A year ago, as I prepared for my opening keynote at Arm TechCon, our biggest annual ecosystem gathering, we were already debating the event’s future focus. Complexity was driving new technology paths as we looked at how we’d engineer a global network of AI, IoT and 5G-driven devices from chip to cloud. We knew that dealing with that complexity would require fundamental changes in our technology approaches and how people across our sector collaborated. That thinking led us to the concept of Arm DevSummit.
There was a simple truth guiding us: hardware designers and software developers have to become even closer allies. As is often said: Silicon is just sand without software, and software is a movie with nothing to play on without hardware. This led us to dream up Arm DevSummit, an event that would appeal to software engineers from all walks as much as it would to CPU designers – my own root career.
The idea was simple, and it builds on the elements of what our industry has always needed to do: Learn, Connect, Develop. The learning piece is bi-directional; no matter your discipline, knowing more about the interdependencies governing a system’s overall success is important. Connect runs neatly off Learn. We want to better-connect hardware and software communities working with Arm-based technology so they can share ideas, highlight areas of concern and talk about ‘what next?’ Finally, Develop. The result of having broader knowledge and becoming more connected is that you will have more ideas—and those ideas could turn into something amazing.
A deal that works on every front
The inaugural Arm DevSummit is now in full flow, and has welcomed thousands of attendees to its keynotes, networking and technical sessions. Due to the global pandemic we are also being forced to break with tradition and deliver the event virtually. And on top of this, we are in the process of joining NVIDIA through an acquisition.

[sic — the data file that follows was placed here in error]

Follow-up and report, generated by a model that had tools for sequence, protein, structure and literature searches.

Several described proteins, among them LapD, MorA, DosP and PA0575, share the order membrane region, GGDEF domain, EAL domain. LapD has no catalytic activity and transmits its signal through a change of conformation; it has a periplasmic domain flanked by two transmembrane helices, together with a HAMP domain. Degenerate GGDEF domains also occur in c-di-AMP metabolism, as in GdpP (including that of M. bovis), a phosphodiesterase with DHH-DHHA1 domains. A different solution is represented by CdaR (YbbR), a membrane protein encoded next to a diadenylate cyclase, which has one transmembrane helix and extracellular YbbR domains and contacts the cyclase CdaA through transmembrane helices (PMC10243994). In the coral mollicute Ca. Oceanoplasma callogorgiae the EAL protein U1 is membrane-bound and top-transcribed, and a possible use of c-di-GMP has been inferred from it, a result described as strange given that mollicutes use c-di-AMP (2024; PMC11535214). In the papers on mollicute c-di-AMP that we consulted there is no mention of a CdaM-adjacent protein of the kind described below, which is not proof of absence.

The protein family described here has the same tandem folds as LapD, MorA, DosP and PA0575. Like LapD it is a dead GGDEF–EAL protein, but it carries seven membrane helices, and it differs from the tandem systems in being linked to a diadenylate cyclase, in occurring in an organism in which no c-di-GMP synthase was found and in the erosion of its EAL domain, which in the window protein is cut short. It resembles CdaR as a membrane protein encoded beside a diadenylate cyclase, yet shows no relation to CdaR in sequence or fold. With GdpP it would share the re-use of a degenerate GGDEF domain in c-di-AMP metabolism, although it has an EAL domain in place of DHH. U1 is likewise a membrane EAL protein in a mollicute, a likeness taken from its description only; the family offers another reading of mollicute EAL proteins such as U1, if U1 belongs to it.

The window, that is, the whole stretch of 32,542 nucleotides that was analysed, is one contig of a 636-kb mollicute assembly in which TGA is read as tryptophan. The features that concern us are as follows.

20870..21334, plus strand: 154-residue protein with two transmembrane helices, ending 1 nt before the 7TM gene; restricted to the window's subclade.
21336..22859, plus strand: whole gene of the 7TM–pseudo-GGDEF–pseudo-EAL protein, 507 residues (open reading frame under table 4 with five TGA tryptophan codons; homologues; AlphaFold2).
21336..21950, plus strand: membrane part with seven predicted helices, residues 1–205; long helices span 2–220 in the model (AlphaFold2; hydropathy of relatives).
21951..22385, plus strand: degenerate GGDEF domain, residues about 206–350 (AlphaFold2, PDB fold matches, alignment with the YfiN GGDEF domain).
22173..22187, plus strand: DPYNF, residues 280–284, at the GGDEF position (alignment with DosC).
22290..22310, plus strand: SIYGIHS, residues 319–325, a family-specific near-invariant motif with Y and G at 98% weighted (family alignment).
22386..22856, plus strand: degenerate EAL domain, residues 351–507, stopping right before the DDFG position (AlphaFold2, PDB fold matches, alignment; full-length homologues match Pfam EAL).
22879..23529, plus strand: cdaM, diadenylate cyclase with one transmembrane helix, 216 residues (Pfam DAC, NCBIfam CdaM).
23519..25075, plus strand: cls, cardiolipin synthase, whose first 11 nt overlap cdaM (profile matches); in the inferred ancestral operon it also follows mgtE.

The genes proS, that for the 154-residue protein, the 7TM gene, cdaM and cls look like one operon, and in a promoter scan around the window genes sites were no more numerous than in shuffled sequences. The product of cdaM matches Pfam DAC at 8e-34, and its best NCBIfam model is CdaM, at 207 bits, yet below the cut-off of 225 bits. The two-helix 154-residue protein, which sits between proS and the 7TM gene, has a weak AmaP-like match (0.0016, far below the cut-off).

Despite the importance of my first two points—the event’s scale and engineering mix—I know that for some, the NVIDIA news is the standout moment. But for me, the negative comments by some commentators (dissipating as we explain the deal further) were anchored in misconceptions. I truly believe the combination of Arm and NVIDIA underscores perfectly the DevSummit concept: A way to accelerate connections and build an even broader, more pervasive AI-enhanced technology platform for the world’s hardware engineers and software designers.
The Three Ps: Power, Platform, Pervasiveness
My reasoning is laced throughout the keynote talk I am delivering today but let me sum it up. There are three fundamental elements that govern why Arm has become the most widely-deployed advanced architecture ever: Power, Platform and Pervasiveness.
Power: More performance per watt, from the world’s fastest supercomputer to devices that harvest energy from the air.
Power efficiency has long been part of Arm’s DNA, but what began as a drive to maximize battery life in early smartphones is now a moral imperative to reduce the carbon footprint inside every device Arm’s an integral part of.
Take the world’s fastest supercomputer – Fugaku. Despite it having a reported 7.3 million Arm processors drawing over 28,000 kilowatts, Fugaku doesn’t only top the supercomputer performance list, it also ranks within the top five most power-efficient too. It’s already being used in the fight to find a COVID-19 vaccine.